Scorpions are dangerous and deadly. They have stung thousands of persons to death. But this 50-person team established by the Memphis Police Department in October 2021, derived their name from "Street Crimes Operation to Restore Peace in Our Neighborhoods".
On January 7, 2023, the Scorpion squad gained murderous notoriety when video recorded that day showed five Memphis Police officers, all African-Americans, mercilessly beating a 29-year old African-American man, Tyre Nichols. Those Black men in uniform beat and traumatized Tyre so much that Tyre died in a hospital three days later, on January 10, 2023. The five officers: Tadarrius Bean, Demetrius Haley, Desmond Mills Jr, Emmitt Martin III and Justin Smith were dismissed from the Memphis Police Department, after a couple of days. They stopped Tyre on suspicion of reckless driving. They are being charged for his death.
Once the enormity of the actions of the Police officers began to filter into the community and increased the anger in the community, the Memphis Police department issued a statement to assert: "it is in the best interest of all to permanently deactivate" the Scorpion unit. Just like the notorious SARS unit in Nigeria engaged in violent overreach.
Memphis Police added that “While the heinous actions of a few casts a cloud of dishonour on the title Scorpion, it is imperative that we, the Memphis Police Department, take proactive steps in the healing process for all impacted.”
For easier to relate to imagery, the lawyers for the Nichols' family said the 1 hour the late Tyre suffered in the hands of the Black Police officers could be compared to the 1991 police beating of Los Angeles motorist Rodney King.
King is also African-American.
On Wednesday, February 1, 2023, the Rev. Al Sharpton, currently the most influential activist in Black America — even if very controversial — delivered the eulogy at the funeral service for Tyre in Memphis. The Vice President of the United States Kamala D. Harris, our Houston area Congressman Sheila Jackson Lee, and several officials of government, community organizers and clergy were in attendance.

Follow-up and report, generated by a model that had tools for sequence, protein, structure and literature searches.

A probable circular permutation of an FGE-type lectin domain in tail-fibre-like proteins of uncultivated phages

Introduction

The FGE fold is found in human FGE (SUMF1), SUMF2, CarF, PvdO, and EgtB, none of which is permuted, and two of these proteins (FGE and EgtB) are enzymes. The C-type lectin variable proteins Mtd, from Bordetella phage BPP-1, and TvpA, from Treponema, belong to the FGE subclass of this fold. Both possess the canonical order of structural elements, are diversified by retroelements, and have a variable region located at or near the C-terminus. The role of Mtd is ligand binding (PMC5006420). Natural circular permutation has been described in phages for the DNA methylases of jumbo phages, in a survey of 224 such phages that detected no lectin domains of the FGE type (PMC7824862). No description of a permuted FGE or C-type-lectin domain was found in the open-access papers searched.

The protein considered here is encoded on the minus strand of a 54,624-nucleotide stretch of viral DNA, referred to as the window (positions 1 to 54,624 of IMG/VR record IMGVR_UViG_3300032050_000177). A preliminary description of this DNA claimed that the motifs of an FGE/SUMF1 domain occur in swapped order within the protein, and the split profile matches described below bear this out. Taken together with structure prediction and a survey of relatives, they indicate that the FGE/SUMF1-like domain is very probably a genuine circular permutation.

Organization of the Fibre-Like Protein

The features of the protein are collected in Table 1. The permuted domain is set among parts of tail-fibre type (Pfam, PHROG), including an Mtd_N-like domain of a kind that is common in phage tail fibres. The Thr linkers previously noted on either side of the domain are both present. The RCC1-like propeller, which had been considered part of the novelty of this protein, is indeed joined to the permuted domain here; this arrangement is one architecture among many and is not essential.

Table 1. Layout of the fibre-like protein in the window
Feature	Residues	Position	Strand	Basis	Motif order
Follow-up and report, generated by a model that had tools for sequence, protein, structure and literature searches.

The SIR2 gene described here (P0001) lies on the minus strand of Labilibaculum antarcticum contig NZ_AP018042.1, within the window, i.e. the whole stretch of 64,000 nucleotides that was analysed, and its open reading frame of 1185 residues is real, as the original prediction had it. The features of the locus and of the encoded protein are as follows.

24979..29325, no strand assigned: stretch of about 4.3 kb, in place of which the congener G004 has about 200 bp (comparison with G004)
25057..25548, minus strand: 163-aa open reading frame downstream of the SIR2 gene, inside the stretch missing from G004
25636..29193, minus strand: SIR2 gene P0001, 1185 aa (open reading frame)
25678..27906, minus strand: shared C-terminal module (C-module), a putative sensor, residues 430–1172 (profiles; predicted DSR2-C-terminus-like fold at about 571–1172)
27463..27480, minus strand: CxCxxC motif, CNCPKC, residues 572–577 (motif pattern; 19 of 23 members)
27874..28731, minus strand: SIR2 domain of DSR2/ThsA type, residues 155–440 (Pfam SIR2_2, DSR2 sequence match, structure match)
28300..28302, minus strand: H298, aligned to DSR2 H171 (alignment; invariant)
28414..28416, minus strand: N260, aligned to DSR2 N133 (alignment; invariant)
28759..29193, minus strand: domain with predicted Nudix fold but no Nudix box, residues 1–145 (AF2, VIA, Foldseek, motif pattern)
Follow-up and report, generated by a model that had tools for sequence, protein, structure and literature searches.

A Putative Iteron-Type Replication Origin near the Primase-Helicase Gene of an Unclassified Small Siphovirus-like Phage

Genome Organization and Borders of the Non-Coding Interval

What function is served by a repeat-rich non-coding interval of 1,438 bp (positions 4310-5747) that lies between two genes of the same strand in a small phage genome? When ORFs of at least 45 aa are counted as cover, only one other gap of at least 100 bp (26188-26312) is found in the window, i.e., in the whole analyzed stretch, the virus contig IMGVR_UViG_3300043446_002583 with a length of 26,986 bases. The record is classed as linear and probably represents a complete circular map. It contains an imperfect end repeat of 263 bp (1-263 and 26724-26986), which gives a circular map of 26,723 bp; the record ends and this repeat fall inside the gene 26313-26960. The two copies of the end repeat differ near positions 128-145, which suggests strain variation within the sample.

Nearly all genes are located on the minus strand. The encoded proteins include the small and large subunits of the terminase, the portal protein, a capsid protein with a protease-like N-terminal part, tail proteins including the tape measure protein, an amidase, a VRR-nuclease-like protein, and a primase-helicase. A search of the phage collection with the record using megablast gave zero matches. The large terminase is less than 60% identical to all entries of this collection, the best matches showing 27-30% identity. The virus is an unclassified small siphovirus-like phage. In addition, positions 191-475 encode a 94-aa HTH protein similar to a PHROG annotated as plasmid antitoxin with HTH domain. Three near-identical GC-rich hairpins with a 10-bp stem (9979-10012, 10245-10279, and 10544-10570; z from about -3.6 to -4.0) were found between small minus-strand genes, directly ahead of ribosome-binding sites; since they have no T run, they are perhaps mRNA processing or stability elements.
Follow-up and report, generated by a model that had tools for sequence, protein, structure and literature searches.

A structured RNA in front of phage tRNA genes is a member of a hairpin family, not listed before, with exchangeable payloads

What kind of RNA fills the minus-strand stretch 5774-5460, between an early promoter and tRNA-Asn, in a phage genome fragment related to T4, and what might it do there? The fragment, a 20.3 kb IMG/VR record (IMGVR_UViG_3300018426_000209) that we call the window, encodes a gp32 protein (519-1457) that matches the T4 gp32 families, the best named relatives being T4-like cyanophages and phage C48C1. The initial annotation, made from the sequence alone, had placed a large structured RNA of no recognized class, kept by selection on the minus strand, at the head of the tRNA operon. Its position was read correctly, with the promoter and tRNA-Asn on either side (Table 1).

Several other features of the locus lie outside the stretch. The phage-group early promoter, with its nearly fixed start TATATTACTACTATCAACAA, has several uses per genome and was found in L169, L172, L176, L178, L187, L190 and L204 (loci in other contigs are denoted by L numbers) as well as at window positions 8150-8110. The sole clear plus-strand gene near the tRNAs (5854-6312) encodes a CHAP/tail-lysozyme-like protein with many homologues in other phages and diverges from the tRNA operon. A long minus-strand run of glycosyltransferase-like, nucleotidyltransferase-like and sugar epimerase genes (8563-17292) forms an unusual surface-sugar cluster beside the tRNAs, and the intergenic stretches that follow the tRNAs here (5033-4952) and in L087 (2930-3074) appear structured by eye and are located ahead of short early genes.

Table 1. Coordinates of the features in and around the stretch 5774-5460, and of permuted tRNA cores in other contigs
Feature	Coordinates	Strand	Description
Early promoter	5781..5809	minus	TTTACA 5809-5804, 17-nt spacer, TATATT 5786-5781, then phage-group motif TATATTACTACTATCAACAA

Rev. Al understands how to draw in the context of history. He has witnessed, or at least, remembers quite a lot of things.
He reflected and spoke to the significance that the alleged crimes took place only a few miles from the Lorraine Motel, where the great civil rights icon, Dr. Martin Luther King Jr. was murdered on April 4, 1968. He was in that city for a non-violent protest/campaign for the safety of Black workers.
Rev. Al made these important points: “The reason why, Mr. and Mrs. Wells [Nichols’s stepfather and mother], what happened to Tyre is so personal to me is that five Black men that wouldn’t have had a job in the police department, would not ever be thought of to be in an elite squad in the city that Dr. King lost his life, not far away from that balcony, you beat a brother to death….”
Then, Sharpton escalated his delivery and had to say it, without mincing words that: "There's nothing more insulting and offensive to those of us that fight to open doors that you walk through those doors and act like the folks we had to fight for to get you through them doors," Sharpton added. "You didn’t get on the police department by yourself. The police chief didn’t get there by herself. People had to march and go to jail, and some lost their lives to open the doors for you, and how dare you act like that sacrifice was for nothing! …. The tape speaks for itself. They never asked this man for his license. Never asked for the car registration. Snatched him out of the car and began beating him. Nobody mentioned nothing about no girlfriend. Nobody mentioned nothing about — they started beating an unarmed man.”
With a soaring oratory and sense of histoty, the pan-Africanist Sharpton laid it appropriately, as he asked: “In the city that they slayed the dreamer what has happened to the dream? In the city where the dreamer lay down and shed his blood, you have the unmitigated gall to beat your brother, chase him down and beat him some more, call for backup and they take 20 minutes, and you watch him and you are too busy talking among each other, no empathy, no concern.”
I think we should listen to the message-filled, masterpiece 1971 song by Marvin Gaye, titled ‘What’s Going On?’
•Dr. Chido Nwangwu, author of the forthcoming 2023 book, MLK, Mandela & Achebe: Power, Leadership and Identity., is Founder of the first African-owned, U.S-based newspaper on the internet, USAfricaonline.com, and established USAfrica in 1992 in Houston. He has appeared as an analyst on CNN, ALJazeera, SKYnews, and served as an adviser on Africa business to Houston’s former Mayor Lee Brown. Follow him on Twitter @Chido247